I adore Tokyo and will miss this vibrant, world-class city until I am lucky enough to visit again. Tomorrow we’re moving on to Korea, but Continue reading
Situated in the heart of the cultural district of Ueno, Tokyo National Museum is a treasure chest of ancient and modern Japanese art. Even as one of the largest art collections in the world, Tokyo National Museum is much more approachable than, say, the Louvre. We didn’t Continue reading
Conference lunches in the United States can be rather lackluster affairs. Anyone who has attended a work-related conference in the US is familiar with the Continue reading
Tonight after a stroll through the charming Edo district, we hopped on a train for the excitement of Akihabara’s Electric Town. World famous for all things anime, Akihabara’s Electric Town also boasts a pretty great restaurant scene… those amped up gamers need to eat sometimes, too! We went searching for Yakiniku, do-it-yourself Japanese BBQ. After a few dead ends and a brief scavenger hunt leading to a small elevator and a narrow, 8th floor hallway with chairs for waiting, we found Continue reading
Seriously, friends. If you like noodles, you’ll love Tokyo. In addition to the ramen and tsukemen dishes previously featured here on Crowded Earth Kitchen, there exists a seemingly endless variety of noodle bowls. Hooray!
We’re Continue reading
Who says you can’t play with your food? Tsukemen is not only delicious for adventurous diners, it’s a guaranteed kid pleaser and appropriate for serving to finicky friends. If you enjoy sampling dishes from around the world but are also cooking for reluctant diners, Tsukemen is a must-try.
Tsumemen is basically Continue reading
Japanese desserts tend to be a bit lighter and less sugary than Western desserts. Also, bananas and banana-flavored treats are very popular in Japan. This banana spongecake is inspired by desserts we enjoyed throughout Tokyo. Enjoy!
Ingredients (Serves 8)
1 very ripe banana
2 eggs Continue reading
A visit to the Ueno cultural district in Tokyo, Japan would not be complete without a few hours devoted to exploring the National Museum of Nature and Science. Check out a sampling of the museum’s treasures below:
(Shown above: Yayoi Period human bones)
(Shown above: Crustaceans, Bivalves, and a cross-section of an ancient tree)
Admission is quite a value at 600 yen (approximately $5.30), which is significantly less than the cost of admission at many comparable museums around the world. The museum is open six days a week (closed on Mondays) year ’round. Be sure to check the website before visiting, in case of closure due to a Japanese holiday.
A sampling of the museum’s impressive collection of telescopes and microscopes)
The world is small. Have big fun!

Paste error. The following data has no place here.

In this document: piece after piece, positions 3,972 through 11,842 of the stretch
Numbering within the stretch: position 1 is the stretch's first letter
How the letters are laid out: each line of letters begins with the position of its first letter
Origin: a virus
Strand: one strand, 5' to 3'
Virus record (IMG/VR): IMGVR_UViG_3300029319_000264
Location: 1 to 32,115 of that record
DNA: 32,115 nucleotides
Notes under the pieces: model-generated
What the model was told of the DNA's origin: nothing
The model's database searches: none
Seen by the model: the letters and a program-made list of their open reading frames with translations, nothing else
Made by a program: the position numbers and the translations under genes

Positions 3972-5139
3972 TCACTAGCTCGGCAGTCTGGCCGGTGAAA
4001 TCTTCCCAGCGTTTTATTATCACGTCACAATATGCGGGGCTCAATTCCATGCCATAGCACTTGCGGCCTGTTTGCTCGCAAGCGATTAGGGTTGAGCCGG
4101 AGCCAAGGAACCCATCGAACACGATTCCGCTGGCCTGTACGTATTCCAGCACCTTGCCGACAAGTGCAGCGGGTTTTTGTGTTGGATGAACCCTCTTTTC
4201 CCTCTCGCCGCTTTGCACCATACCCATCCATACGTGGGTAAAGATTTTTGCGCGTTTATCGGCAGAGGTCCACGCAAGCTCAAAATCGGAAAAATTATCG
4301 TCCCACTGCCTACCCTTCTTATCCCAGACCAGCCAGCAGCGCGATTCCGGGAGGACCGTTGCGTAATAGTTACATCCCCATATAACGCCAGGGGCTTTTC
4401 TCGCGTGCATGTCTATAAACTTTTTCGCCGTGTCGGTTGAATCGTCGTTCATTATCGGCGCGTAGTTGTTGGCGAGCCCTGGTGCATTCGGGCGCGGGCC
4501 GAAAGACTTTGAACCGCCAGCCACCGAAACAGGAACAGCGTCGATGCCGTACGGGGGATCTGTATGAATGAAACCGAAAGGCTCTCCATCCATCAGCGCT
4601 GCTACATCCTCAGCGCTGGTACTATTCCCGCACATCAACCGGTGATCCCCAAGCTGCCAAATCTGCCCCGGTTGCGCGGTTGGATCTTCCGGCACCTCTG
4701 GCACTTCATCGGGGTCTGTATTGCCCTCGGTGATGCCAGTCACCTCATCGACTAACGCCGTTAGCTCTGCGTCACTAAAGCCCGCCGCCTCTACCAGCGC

Hopping off the JR train line at Ueno Station is recommended for any visitor to Tokyo, Japan. Ueno offers a concentration of world class museums and ancient Buddhist temples, many of which are accessible along the walking paths of beautiful Ueno Park. Today we explored an open air market in Ueno Park, and we were not disappointed!
Japanese kindergarteners, looking spiffy in their school uniforms, were visiting Ueno Park on a field trip. So adorable! So well behaved! They melted my heart with their shy smiles.
Aren’t these grilled fish interesting? At 600 yen (approximately $5.30) they were a fair price, especially considering that Ueno Park hosts many tourists.
Non-food wares were expensive, but still fun to peruse. Aren’t these bonsai trees beautiful?
Dango, a traditional sweet treat made from crushed rice, was delicious. At only 100 yen (approximately $0.89) for five bites, this was a very economical snack. It reminds me a bit of the Korean Garaetteok we made here at Crowded Earth Kitchen a while ago, with the addition of a delicious soy-based glaze.
Next time, we’ll feature photos from the fantastic Tokyo National Museum, also located in Ueno. Our world is small… have big fun!
(Shown above: Shrimp with Salmon Roe, Akami and Toro Tunas, and Rock Lobster)
Just outside of the busiest train station in the world sits Sushi Tokyo Ten. Simply entering the restaurant is a sensory experience, as a single step over the curtained threshold removes a diner from the chaos of Shinjuku Station and offers a calm and quiet, warmly lit enclave.
Sushi Tokyo Ten is a culinary adventure, perhaps especially for folks who think they know sushi. The reigning principle here is omakase, which translates as “I will leave it to you.” Over the course of two hours, skilled chefs prepare 20 different small plates for each dinner guest. Each plate is prettier than the last! At the end of the experience, diners leave sated and relaxed.
If you find yourself in Tokyo, I recommend spending an evening at Sushi Tokyo Ten.
Hello again, fellow foodies and travelers. We’ve been busy exploring Korea and Japan! Throughout our most recent travels, we’ve logged many hours on trains. This means we’ve also logged many hours in train stations, which can be pretty cool places to explore! One evening, we channeled our inner five year-old and enjoyed a snack of these delightful, chocolate filled bears.
A bit like bite-sized, filled pancakes, these little bears are also available in caramel and custard flavors. A 14-count bag of these charming treats cost 580 Yen, or approximately $5.15. If the long line at the counter was any indication, we weren’t the only train travelers enchanted with these roly poly little pandas.